Once a Roman spa town, historic Aachen still draws visitors today who come to visit its centuries-old cathedral and drink the healing waters of Elisenbrunnen. Discover the top things to do in Germany’s most westerly city.
Aachen, close to the border with Belgium and the Netherlands, may not be the first city that springs to mind when you think of visiting Germany. However, it’s a hidden gem that shouldn’t be overlooked. It is home to one of the oldest cathedrals in Europe, and was the centre of Charlemagne’s empire – and it is known for its geothermal hot springs that you can still soak in today. Read on for the best things to do while you’re here.
The 1786 Couven Museum has been preserved as a typical Aachen townhouse of the period, leaving you feeling as though you’ve entered another era. The rooms are stuffed with the historical furniture that would have been used by the upper middle classes, with styles ranging from rococo to Napoleonic-empire; prepare to be impressed by the collection of 18th-century silver utensils. The museum also hosts regular temporary exhibitions.
This former umbrella factory is now a vibrant museum of modern art, including European works from the 1960s to modern day. It contains major works of American Pop Art and photorealism, including pieces by popular artists such as Roy Lichtenstein and Nam June Paik. There’s also a large collection of Cuban works, and the museum is always embracing new movements and regularly hosts exhibitions by exciting local artists.
History buffs will relish the chance to survey the world’s most valuable collections of medieval church artefacts at the Aachen Cathedral Treasury, next to the cathedral. It holds more than 100 works of art, including a silver-gilt bust of the Emperor Charlemagne, the procession cross of Lothair and book covers crafted from gold, silver and ivory. The cathedral has seen the coronation of at least 31 German kings, so it’s little wonder it boasts so many historical treasures.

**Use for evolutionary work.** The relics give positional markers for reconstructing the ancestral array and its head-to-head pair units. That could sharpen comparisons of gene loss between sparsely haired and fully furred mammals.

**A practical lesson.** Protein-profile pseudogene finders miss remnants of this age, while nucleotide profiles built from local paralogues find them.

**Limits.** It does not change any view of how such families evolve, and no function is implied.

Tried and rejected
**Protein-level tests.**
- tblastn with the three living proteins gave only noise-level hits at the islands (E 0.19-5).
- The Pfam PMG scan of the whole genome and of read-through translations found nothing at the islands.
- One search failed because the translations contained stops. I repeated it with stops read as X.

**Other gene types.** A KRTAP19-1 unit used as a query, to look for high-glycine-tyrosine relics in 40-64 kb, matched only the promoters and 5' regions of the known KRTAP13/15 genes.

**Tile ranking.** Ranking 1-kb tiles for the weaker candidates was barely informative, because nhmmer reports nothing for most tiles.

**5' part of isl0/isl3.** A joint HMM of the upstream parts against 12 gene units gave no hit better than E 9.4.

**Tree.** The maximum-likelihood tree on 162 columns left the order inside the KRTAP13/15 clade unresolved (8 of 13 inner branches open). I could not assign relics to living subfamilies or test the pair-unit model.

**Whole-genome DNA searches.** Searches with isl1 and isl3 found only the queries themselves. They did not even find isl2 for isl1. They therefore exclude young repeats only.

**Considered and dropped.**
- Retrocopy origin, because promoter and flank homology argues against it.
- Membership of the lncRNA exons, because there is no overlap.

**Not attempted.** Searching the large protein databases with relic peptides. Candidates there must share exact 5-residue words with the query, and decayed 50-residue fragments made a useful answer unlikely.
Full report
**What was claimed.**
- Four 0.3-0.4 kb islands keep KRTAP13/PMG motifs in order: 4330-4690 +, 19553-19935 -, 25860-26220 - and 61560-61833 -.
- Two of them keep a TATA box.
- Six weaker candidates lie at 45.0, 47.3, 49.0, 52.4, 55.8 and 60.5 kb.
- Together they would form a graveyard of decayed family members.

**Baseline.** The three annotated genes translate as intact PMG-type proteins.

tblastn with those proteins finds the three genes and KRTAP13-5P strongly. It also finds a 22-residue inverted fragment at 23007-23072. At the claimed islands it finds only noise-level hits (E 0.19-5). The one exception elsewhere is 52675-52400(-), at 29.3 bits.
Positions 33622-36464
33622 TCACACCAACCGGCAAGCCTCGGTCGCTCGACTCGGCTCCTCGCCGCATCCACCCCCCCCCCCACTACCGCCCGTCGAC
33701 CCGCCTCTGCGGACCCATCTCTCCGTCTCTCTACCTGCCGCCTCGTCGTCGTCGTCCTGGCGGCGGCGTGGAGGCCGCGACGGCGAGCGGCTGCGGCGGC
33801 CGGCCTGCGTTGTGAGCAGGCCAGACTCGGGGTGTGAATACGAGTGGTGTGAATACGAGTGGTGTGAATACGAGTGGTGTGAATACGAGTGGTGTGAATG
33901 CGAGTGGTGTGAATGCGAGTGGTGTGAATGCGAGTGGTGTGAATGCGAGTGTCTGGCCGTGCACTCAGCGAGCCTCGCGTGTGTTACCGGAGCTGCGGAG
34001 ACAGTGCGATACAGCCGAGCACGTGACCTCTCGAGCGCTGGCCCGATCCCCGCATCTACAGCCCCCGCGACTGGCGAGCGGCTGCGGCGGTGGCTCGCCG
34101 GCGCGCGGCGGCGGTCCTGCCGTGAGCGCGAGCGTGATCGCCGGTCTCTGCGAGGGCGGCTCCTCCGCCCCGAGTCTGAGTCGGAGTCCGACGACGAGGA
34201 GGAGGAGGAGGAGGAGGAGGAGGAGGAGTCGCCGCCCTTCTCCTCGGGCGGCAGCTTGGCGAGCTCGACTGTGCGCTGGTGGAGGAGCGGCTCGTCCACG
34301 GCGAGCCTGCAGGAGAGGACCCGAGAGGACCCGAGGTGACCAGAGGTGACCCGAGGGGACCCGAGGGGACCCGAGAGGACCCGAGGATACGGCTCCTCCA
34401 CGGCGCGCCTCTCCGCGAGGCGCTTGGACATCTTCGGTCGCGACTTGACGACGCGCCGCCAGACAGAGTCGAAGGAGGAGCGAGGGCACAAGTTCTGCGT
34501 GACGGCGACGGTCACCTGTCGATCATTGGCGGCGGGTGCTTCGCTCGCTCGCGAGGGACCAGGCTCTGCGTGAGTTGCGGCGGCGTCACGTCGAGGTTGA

No trip to Aachen would be complete without sampling the city’s signature delicacy, Printen. The recipe for these sweet cakes is a closely guarded secret, passed down through the generations, but they taste like spiced gingerbread. Legend has it that a baker’s apprentice outwitted the devil and saved Aachen’s people from starvation by resurrecting the famous recipe – so it must be worth a try!
Aachen was a well-known bathing town in Roman times, and the Elisenbrunnen, or Elisa fountain, was created in 1827 as a nod to its historical past. Now it’s a popular tourist attraction and the sulphurous water is said to have healing properties – although the eggy smell may well put you off drinking it. You can also visit the pump room, which was reconstructed after it was bombed in World War II, and see how it pumps water from the Kaiserquelle imperial spring.
The slogan of the Eifelsteig is “Just you, the water and the rocks”, and it does feel as if you’ve immersed yourself in the wilderness when you join the 313km (194mi) trail. The whole route takes you from Aachen through highland moors and volcanic relics to the unmistakable red sandstone rocks overlooking the city of Trier. But don’t worry, you don’t have to walk the entire trail to embrace the natural surroundings.
Four weeks before Christmas, Aachen becomes a winter wonderland. The lanes and squares around the city centre are transformed into a festive market, with beautiful fairy lights and the deliciously spiced smell of Printen in the air. It’s a hub of activity for locals and visitors alike, so it’s little wonder it regularly makes it into lists of the top 10 Christmas markets in Europe.
Beer connoisseurs will be in heaven when they see the well-stocked shelves at the Hopfen and Malz microbrewery. Take a seat at the wooden tables in the taproom and work your way through the finest on the menu. Be warned, they have more than 300 beers available, and six on tap. You can try a tasting session, have a home-brewing lesson and even try out a game of beer yoga.